28 sep 17

Bulletproof cars in Brazil

With approximately 160,000 bulletproof vehicles already on the streets and demand on the rise, Brazil rules the roost when it comes to national armored vehicle fleets throughout the world.

Due to car thefts and related crime, demand has been rising in the last few years, especially in cities like Rio de Janeiro, São Paulo, and Pernambuco state capital Recife.

In Rio de Janeiro, 2017 internet data has shown that searches for bulletproof cars have increased by about 12% year-over-year, and the demand for these vehicles throughout the country should increase by nearly 20% by the end of the year.

Revenue for the bulletproofing industry has also increased this year, with 1H17 sales up 16% from the first six months of 2016.

Despite the trend, fleet managers must consider all aspects before planning on a bulletproof fleet.


"For the opaque surfaces, we use a nine-layer skin made up of aramid and stainless steel. For the transparent parts, we use curved ballistic glass which protects our clients from pistols and submachine guns," says Rio de Janeiro bulletproofing expert Rodrigo Pereira.

The 170-200 kilogram weight of the armor must be considered before modifying a vehicle so a motor generating at least 115hp is required. The more horsepower, the less you will feel the weight of the armor.

The process takes approximately 35 working days. Once completed, a final inspection will be carried out by the local traffic department Detran.


In terms of Brazil's largest city São Paulo, the most common profile of those using a bulletproof car are men from 30-39 years old and women from 40-49 years old. Many of them are executives who are married with children less than 18 years of age. 

They also have a garage at their home residence as well as at their place of work and they live and travel in and around the central areas of the city.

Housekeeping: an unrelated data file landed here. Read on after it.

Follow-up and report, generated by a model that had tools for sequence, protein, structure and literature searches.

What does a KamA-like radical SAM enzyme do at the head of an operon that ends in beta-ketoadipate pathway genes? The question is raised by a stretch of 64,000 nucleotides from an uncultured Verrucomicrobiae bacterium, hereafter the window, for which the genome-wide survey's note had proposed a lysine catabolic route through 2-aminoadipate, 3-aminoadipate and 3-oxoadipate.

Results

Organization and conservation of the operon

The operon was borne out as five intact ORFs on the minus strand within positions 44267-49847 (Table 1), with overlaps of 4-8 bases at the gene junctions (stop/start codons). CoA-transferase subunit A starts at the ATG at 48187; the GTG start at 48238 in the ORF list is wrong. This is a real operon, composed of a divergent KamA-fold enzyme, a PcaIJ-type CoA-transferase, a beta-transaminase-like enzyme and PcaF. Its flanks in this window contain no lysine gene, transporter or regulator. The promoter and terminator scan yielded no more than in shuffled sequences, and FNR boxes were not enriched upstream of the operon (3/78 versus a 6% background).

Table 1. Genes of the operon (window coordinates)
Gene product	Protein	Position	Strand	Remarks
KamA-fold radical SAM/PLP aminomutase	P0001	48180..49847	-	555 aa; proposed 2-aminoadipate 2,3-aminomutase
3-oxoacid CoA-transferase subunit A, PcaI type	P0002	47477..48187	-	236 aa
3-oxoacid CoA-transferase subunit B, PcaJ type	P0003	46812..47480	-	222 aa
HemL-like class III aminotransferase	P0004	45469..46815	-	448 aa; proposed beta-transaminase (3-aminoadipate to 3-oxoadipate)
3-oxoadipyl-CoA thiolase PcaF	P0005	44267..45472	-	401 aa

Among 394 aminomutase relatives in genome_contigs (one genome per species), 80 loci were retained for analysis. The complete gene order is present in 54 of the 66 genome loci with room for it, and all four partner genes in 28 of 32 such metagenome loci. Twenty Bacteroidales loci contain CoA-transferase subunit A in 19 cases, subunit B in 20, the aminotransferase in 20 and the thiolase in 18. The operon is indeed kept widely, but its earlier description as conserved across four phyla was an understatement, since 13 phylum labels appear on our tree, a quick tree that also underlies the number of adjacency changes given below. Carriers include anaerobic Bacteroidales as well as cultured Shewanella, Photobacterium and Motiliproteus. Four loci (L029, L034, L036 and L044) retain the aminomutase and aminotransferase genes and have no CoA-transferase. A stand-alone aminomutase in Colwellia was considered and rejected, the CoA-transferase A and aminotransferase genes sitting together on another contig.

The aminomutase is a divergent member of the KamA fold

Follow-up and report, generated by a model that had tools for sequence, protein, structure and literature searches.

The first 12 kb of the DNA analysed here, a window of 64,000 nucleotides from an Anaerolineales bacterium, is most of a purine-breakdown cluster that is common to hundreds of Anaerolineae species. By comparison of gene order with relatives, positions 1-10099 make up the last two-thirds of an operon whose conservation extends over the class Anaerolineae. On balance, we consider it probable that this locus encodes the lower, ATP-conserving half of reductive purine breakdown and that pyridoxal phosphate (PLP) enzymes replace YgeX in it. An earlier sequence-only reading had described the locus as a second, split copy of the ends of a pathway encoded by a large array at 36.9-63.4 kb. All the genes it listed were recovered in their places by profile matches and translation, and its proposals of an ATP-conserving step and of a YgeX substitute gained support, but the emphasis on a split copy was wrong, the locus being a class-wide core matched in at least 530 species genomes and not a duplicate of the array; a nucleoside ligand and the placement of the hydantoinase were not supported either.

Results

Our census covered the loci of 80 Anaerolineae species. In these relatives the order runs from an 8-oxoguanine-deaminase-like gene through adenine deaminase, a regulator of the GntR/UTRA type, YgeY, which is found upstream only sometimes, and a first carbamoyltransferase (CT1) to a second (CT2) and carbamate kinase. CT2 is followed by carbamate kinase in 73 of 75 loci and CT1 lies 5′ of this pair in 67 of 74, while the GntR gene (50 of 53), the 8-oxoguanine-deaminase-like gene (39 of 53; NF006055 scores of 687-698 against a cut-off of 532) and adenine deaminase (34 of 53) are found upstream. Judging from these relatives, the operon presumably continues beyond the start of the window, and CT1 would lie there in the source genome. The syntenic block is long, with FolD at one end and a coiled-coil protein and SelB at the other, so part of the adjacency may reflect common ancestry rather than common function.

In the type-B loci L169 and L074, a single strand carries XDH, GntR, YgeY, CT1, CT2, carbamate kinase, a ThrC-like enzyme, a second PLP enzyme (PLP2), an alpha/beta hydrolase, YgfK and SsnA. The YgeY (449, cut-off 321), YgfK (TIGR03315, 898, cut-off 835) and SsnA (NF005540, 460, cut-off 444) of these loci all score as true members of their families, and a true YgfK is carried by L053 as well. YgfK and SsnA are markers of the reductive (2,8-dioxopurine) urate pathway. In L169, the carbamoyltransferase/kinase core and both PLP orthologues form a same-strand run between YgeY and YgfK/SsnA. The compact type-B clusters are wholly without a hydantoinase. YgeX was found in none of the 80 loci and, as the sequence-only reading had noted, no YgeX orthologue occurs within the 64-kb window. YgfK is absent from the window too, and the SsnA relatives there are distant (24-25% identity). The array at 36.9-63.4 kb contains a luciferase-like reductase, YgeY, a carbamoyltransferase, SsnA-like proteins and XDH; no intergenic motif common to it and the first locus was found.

There is also a steady demand for bulletproofing for residents in the cities of Rio de Janeiro and Pernambuco state capital Recife.


The cost of shielding a vehicle varies. However, the maximum allowed by law for a common passenger vehicle is type III which can withstand shots from caliber 22, 38, 44, 357, and 9mm. 

Costing from 50,000-75,000 reais (US$16,000-24,000), this is the most sought-after level of protection in Brazil right now. One feature of a vehicle which could bump up the price quite a bit is armoring a sunroof which could cost more than 9,000 reais.

More impregnable types of protection do exist such as those able to withstand grenades and other weapons but these are not permitted for the average citizen.

Besides the cost of the actual shielding, those wanting to own or drive a bulletproof automobile will also face the cost of bureaucracy which includes a criminal record check and fees of which could reach some 1,000 reais.

One of the country's newest regulatory changes will require the owners of armored cars to have a "Certificado de Registro" (registration certificate). 

To be issued through Brazil's new armored vehicle control system, Sicovab, it will require filling out forms and handing in documents regarding federal, military, and criminal records. The process to acquire the three-year certificate will take 30 days and cost 100 reais.

Hiring a person to take care of the documentation for you could increase cost to some 850 reais for individuals and 1,250 reais for companies. Bulletproofing multiple vehicles will be permitted with a single certificate.


Unlike security measures such as car alarms which could reduce the cost of vehicle insurance, bulletproof vehicles are actually more expensive to insure in Brazil, especially for women drivers.

Considering the two of the most common bulletproof automobiles in the country, The Toyota Corolla and the Volkswagen Tiguan, insurance for men increases 1,050 reais/y on average and approximately 1,300 reais/y for women.

While annual insurance for the Corolla increases 800 reais on average for men to 4,600 reais and 1,100 for women to 4,500 reais, insurance for the Tiguan jumps 1,300 reais for men to 6,600 reais and 1,500 reais for women to 6,300 reais.

A 2017 model in Brazil with 0km starts at approximately 80,000 reais for a Corolla and 119,000 for a Tiguan.

Other vehicles commonly being armored in Brazil are the Volkswagen Jetta, the Volvo XC60, and the Land Rover Range Rover Evoque.

Regardless of which car or cars you are considering to bulletproof to help protect your fleet and employees, make sure you weigh out all the pros and cons before deciding to do so.

Authored by: Daniel Bland